oh my God, Calli, per your post 202. “improve the vaccine’s coverage.” “we should surrender?”…I mean, really, how many vaccines do you think an infant or child can handle? Is it endless? Apparently.
Pull your blinders off for a moment as I try to explain this for you. The pneumococcal vaccine is a single vaccine. PCV7 contains 7 strains of pneumococcal bacteria. PCV13 contains 13 strains of pneumococcal bacteria. This is similar to how the flu vaccine usually contains three strains of influenza virus.
So, when Calli says that the vaccine’s coverage should be improved, she means that it should be improved so that it protects against even more strains of pneumococcal bacteria. One vaccine, though.
Okay. Hopefully you were able to understand that.
As many as real pathogens he/she can already handle on a daily basis.
jen @ 205:
What I think would be ideal is if somebody could isolate a commonality between all strains of the pneumococcal bacterium which the bacterium requires for survival and then device a vaccine which targets that. One antigen, all strains. I don’t think this will happen anytime soon, but it would be awesome. In the meantime, more antigens is probably the only way to address the problem.
Endless? Not at all. They should be given the antigens which are most likely to be useful to them, and not waste effort on the others. This would be ones which are commonly circulating and/or are particularly virulent and/or particularly contagious. If we end up driving pneumococcal bacteria to evolve to be not very serious and not very contagious, that would be a good outcome in my opinion.
As far as “surrender”, what I meant by that was that just because the vaccine isn’t perfect doesn’t mean we should surrender and accept the inevitability of disease, as many of our ancestors had to. I believe the best course is to keep fighting, and by many angles — not just vaccination. I also believe vaccines should constantly be improved. They will never be perfect, but they can certainly be better, and that’s something the manufacturers and scientists should strive for.
“Are you going to include the new science based Mott’s poll that shows vaccine safety to be parents’ number one concern”
Jen, as others have pointed out, that’s not a scientific survey, and even my sophomore stat students could see that – they actually understand basic statistics and are learning more. That explains why sid, jay, augie, all incredibly stupid and even more dishonest, push it: they can’t, or won’t, put forth the work to distinguish good work from bad.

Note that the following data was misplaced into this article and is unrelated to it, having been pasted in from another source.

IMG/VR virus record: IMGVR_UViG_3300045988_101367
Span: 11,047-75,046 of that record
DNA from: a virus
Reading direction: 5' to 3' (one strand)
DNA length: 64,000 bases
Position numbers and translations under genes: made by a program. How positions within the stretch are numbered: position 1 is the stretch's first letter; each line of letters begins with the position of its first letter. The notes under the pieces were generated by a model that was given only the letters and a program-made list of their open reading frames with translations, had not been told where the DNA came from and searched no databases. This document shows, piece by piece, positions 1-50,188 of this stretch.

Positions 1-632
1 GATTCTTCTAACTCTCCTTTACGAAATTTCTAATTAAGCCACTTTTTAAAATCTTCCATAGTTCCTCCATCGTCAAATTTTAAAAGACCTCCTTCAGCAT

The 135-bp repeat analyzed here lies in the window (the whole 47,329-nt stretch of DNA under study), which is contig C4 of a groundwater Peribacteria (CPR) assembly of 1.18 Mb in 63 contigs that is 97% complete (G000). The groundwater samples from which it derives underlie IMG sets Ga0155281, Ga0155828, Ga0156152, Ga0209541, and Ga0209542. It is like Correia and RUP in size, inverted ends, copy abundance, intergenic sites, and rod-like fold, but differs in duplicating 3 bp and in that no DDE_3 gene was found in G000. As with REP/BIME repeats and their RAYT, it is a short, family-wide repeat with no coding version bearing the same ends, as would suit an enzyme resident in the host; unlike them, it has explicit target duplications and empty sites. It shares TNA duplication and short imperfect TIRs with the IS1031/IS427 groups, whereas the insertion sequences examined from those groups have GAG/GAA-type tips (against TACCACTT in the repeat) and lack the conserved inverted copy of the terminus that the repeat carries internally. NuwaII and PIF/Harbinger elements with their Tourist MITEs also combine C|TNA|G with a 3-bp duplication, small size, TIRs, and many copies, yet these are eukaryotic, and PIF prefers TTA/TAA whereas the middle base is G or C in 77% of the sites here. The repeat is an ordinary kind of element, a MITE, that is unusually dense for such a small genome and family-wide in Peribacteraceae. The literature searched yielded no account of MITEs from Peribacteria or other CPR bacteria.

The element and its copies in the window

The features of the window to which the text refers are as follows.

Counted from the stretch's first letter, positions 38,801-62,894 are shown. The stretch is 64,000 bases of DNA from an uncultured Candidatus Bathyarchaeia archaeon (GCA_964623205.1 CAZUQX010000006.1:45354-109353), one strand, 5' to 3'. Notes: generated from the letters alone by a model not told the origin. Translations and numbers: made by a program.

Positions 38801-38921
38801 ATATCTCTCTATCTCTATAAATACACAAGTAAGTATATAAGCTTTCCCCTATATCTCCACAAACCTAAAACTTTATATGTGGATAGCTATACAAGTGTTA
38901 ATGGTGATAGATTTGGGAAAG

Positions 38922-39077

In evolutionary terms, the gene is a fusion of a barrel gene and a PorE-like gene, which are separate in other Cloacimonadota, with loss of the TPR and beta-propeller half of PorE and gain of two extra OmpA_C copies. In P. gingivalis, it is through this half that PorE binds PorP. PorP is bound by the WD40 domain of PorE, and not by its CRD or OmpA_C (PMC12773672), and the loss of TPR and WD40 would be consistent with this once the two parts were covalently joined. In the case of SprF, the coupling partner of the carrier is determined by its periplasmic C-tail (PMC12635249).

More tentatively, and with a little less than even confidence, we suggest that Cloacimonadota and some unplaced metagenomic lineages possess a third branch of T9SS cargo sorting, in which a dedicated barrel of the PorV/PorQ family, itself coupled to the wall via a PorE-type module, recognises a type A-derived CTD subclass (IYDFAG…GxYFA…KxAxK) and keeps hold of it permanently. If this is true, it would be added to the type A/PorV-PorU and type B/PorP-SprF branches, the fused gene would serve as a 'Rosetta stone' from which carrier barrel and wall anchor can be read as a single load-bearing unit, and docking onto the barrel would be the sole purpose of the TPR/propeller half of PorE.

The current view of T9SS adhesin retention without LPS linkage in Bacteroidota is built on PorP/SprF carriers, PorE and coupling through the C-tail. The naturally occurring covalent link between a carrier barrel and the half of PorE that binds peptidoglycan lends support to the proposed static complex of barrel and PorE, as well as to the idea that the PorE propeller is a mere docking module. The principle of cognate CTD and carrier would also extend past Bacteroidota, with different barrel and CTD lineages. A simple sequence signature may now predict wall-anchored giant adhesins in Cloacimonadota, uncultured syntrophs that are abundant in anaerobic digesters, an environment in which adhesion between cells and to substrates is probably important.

I don’t have any problems with the survey – the result is exactly what I would expect. Every kid (ok, the overwhelming majority, not including Sid’s) gets vaccines, more then any of the other item on the list. So of course the safety of said vaccines is of prime importance to parents.
Only people like AoA Kim would make the non-sequitur that being concerned over vaccine safety means buying into their scaremongering in regards to vaccines and autism.
Since this post isn’t that old, I don’t think it counts as thread necromancy to post here (where it’s on topic) and mention I hope to write up blog posts to share with my family/friend social network each day of Mercola/Fisher’s ‘Vaccine Awareness Week’ pointing out the logical/moral/economic/scientific failures of the anti-vaccine movement.
I’ll be sure to link to here and to Science-Based Medicine as often as I can.
Don’t forget Prometheus’ Photon in the Darkness and my antiantivax.flurf.net page (I’ll also be blogging at Silenced).
Boy do I need help. My wife’s mother stayed with us for 10 weeks or so last fall and over the winter, and she has obviously dumped much of this nonsense on my wife. I started noticing some odd behavior and then the absolute refusal to consider getting any vaccines for any of our 3 children (4,3 and 18months). Then I saw the Mercola website on the home PC and the email updates from the same. I did some web searches and thankfully came upon this site, where I can now see that my plight is not very promising. I can’t believe how many of these same arguments that are discussed here that I had to counter in a rather frustrating argument/discussion that pitted me against my wife and her mother. Their daily phone conversations–while I’m at work–are simply driving this whole topic further over the cliff.
Thanks to all who post the detailed rebuttals. My degree is in Computer Science, not statistics or medicine, so the details really help. Frankly, I don’t know how this is going to play out, but I fear the confrontations are not going to go well. If anyone wants to add any comments or thoughts, or make some further reading recommendations, please do.
@ Steve S.: Hang with us here- you’re amongst friends!
Go to recent posts ( today’s, yesterday’s) and comments – you’ll find a lively discussion relevant to your concerns.